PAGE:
[Corbyn’s] only hope must be as a subversive challenger, relentlessly organising to take over the party and talking about his efforts to do so. He should come out with huge, earth-shaking radical left-wing policies and not care that Yvette Cooper and I both think that they are bonkers. He should skip prime minister’s questions in order to attend protest rallies. He should organise to deselect critics and win selection contests for his people.
Finkelstein is not alone, but it’s interesting to hear this from a prominent right-wing journalist. Another writer, Benjamin Mercer, has taken to the pages of The National Student to make the case for far-reaching democratic reform within the Labour Party. This is surely the best case for Corbynism, and the best hope of the Labour left:
Much as the franchise has been expanded for the leadership elections, so it must be expanded at the level of the CLPs. power should be transferred downwards from the General and Executive Committees to the grassroots. Participation should be made easier and the decisions should be made by a committee of the whole membership, not merely a clique of the same. Every member of the CLP must have the right to become its MP, and the membership should be ballotted before every election – or by-election – in order to choose the party’s candidate. This should end the practice of ‘parachuting’ supposedly orthodox candidates into allegedly safe seats. No more Hunts in Stoke. labour Party MPs will be accountable, first and foremost, to their constituencies and not to the leadership, the PLP or the NEC. Re-selection at every election will ensure that this remains the case.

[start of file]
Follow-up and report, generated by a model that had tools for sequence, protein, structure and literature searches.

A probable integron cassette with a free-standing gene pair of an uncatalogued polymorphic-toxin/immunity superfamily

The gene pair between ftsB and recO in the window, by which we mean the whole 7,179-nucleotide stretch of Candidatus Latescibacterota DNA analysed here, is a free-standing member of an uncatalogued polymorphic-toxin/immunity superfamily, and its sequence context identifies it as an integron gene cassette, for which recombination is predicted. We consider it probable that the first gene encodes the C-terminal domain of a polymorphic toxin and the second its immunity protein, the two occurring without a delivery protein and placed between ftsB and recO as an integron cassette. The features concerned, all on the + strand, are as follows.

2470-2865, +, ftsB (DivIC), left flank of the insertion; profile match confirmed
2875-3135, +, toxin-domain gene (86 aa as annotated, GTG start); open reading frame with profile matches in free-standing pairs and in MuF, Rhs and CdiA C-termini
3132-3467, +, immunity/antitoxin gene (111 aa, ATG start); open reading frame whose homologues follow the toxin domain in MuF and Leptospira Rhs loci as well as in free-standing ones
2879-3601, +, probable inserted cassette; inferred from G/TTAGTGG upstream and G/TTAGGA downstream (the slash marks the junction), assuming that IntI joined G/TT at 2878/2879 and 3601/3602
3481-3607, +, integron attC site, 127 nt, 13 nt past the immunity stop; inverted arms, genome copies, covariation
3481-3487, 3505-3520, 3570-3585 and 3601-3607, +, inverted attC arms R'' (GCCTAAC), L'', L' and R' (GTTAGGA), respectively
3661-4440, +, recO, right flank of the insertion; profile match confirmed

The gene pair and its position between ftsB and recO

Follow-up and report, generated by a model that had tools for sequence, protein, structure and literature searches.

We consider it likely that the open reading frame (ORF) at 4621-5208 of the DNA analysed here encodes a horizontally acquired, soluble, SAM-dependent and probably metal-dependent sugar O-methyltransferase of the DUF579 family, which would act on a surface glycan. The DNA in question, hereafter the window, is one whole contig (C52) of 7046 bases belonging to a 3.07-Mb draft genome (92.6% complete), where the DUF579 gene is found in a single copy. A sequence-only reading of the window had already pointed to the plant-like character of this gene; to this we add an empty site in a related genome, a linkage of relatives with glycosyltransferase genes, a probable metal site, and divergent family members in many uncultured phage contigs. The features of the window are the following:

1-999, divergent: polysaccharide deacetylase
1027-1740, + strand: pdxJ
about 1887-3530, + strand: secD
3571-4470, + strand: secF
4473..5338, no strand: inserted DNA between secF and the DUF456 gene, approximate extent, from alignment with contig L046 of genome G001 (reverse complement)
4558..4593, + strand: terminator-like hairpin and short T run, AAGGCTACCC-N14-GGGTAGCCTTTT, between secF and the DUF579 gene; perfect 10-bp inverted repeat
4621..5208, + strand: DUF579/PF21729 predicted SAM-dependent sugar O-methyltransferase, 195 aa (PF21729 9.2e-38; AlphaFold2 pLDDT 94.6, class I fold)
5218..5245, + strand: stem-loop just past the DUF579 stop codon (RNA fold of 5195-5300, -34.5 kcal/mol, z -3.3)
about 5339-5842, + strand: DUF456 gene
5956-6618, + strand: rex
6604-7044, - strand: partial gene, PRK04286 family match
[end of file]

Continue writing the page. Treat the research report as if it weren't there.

Up until now Jeremy Corbyn has stuck to a centrist style of leadership. However, the Labour coalition of liberals, social democrats and socialists, may just be too broad for the new situation. The broad church approach has been a recipe for incoherence on policy and a lack of strategy on the media. If Corbynism is to succeed, the party has to be transformed in the long-term and that requires thinking beyond 2020. A surrender or a retreat would just offset this process of democratic reform.

If the experiment ends with Corbyn stepping down in 2020, the opening for transforming Labour into a mass democratic party would be lost. This would close the space for a radical leadership. Not only would it mean that the left would not be able to contest the elections in 2025 and 2030, it would mean Labour would fall back into the hands of the extreme centre. Contrary to Blairite illusions, the party would resume its lacklustre performance under Ed Miliband, or, worse, try to stake out a position as the party for English nationalism under the guise of Blue Labour. Either way, Labour is dead meat.

Photograph courtesy of duncan c. Published under a Creative Commons license.